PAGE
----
Saturday, November 16, 2013

Apple Dictionary Causes Friction: What Does Gay Mean?

Apple Inc. has been in the limelight for several days now regarding its dictionary app. It appears that the app contains some definitions that people may find offensive. The word “gay” is defined by the Apple dictionary in iOS 6 with several different descriptions. One of the descriptions is “foolish; stupid,” and this description is the one that has at least one Apple customer riled up.

Who Wants A Bite Of Apple?

15 year old Becca Gorman is a tenth-grade student in Sudbury, Massachusetts. Gorman is the daughter of lesbian parents, and because of this is sensitive to slurs and discrimination based on sexual preferences.  She looked up the word “gay” in her MacBook Pro, which has the dictionary app built in from the factory. The definitions she found triggered an instant response of disgust.

The definition upset her so much that she wrote a letter to Tim Cook, Apple’s CEO, who is openly gay. In the letter, she asked why Apple allowed such a definition in its dictionary, when the company takes such a strong stand on gay rights and equal treatment.

Part of the letter is included here:

I assume that you are a pro-gay company, and would never intend for any one of your products to be as offensive as this definition was. Even with your addition of the word informal, this definition normalizes the terrible derogatory twist that many people put on the word “gay”. ... When I look at this definition it makes this hatred filled use of the term as something as okay as “dude”.

I am asking for you to remove this definition from the Dictionary you are promoting, or to make a significant change to it. I also think it would be a good idea to apologize to the gay community, a good amount of your customers. Thank you for your cooperation, I love your products.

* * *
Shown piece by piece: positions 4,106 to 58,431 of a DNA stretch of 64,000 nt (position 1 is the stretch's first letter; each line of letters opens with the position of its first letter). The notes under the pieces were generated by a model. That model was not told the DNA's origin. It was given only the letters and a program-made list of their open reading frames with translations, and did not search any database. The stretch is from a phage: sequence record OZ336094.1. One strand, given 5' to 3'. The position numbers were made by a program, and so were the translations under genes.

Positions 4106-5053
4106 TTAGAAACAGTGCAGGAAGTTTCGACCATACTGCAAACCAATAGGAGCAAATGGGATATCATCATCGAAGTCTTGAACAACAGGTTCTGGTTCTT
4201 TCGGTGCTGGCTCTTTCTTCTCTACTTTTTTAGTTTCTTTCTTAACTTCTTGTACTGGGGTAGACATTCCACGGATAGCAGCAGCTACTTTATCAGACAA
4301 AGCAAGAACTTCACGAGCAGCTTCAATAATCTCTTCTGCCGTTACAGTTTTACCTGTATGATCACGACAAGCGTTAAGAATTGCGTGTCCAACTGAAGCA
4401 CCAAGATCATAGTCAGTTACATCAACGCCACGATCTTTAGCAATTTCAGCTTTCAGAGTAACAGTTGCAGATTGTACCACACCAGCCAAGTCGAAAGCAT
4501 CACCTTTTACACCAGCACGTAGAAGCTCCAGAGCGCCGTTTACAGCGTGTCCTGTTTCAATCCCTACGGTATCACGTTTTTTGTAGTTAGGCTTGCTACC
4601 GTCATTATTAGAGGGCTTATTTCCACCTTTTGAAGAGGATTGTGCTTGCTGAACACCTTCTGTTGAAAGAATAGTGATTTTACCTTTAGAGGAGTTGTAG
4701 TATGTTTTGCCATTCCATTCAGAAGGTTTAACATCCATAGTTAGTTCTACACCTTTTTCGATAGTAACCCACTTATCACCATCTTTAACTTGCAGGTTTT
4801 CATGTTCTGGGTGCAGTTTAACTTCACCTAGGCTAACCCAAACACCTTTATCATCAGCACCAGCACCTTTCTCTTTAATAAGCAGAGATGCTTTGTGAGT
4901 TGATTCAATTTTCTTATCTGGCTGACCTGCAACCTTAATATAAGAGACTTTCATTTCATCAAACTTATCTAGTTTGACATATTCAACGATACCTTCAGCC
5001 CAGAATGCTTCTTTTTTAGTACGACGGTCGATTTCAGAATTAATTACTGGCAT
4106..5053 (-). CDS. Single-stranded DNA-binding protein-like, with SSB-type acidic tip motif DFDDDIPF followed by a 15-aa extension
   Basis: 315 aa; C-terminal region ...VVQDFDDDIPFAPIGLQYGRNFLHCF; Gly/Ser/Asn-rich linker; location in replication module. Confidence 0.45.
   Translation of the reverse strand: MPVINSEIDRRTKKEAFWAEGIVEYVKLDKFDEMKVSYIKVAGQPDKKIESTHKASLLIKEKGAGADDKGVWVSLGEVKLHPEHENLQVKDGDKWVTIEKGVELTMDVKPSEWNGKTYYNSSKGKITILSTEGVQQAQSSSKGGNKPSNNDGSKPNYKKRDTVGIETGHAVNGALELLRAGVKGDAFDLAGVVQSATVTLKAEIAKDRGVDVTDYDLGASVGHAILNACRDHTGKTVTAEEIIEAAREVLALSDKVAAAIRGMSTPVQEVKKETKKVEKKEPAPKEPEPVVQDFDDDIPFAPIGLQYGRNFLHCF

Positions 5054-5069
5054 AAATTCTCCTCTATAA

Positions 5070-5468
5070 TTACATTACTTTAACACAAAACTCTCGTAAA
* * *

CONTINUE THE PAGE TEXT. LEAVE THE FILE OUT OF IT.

Is Apple To Blame?

I think the real question to ponder here is not whether Apple should remove the definition, as it is a very common usage of the word; but rather, why is this worth making a big stink over in the first place? I understand that no one should be picked on for their race, sexual preference, or religious preferences, but is this really bigotry in action?

First of all, Apple did not write the dictionary, so asking them to alter someone else’s work makes no sense whatsoever. To ask a company that distributes a book (or e-Book) to alter that book just because you disagree with something it says is asking them to change something they have no right to change. Just because you may not agree with something does not make it wrong. However, if you’re dead set that you must have your satisfaction in this matter, then the company that wrote the dictionary should be your point of contact, not the middle man who distributes it.

I understand that the young lady who wrote the letter to Apple believes she is standing up for her moms’ rights as lesbians. I am in no way tearing down her efforts to protect her family and friends. I do however, believe the battles should be chosen a little more carefully, as this one is simply disagreeing with fact. 

Fact 1: People do use the word “gay” in the sense mentioned in the dictionary app. Fact 2: Removing it from the app will not make people use it any less – it simply hides the truth from others who might read the definitions. Fact 3: Depriving people of truthful information regarding the use of a word, even if that usage offends you, does not do anyone in the world a service.

Look up any curse word you want in the dictionary app, and note that its original usage is no longer what it is used for in common conversation. However, if I write to Apple, Google, or even Webster’s and ask them to remove the slang definitions I consider to be offensive, I would be laughed at and publicly humiliated. Before we start asking people to change definitions because they offend us, let’s ask instead that we not be so easily offended by the truth.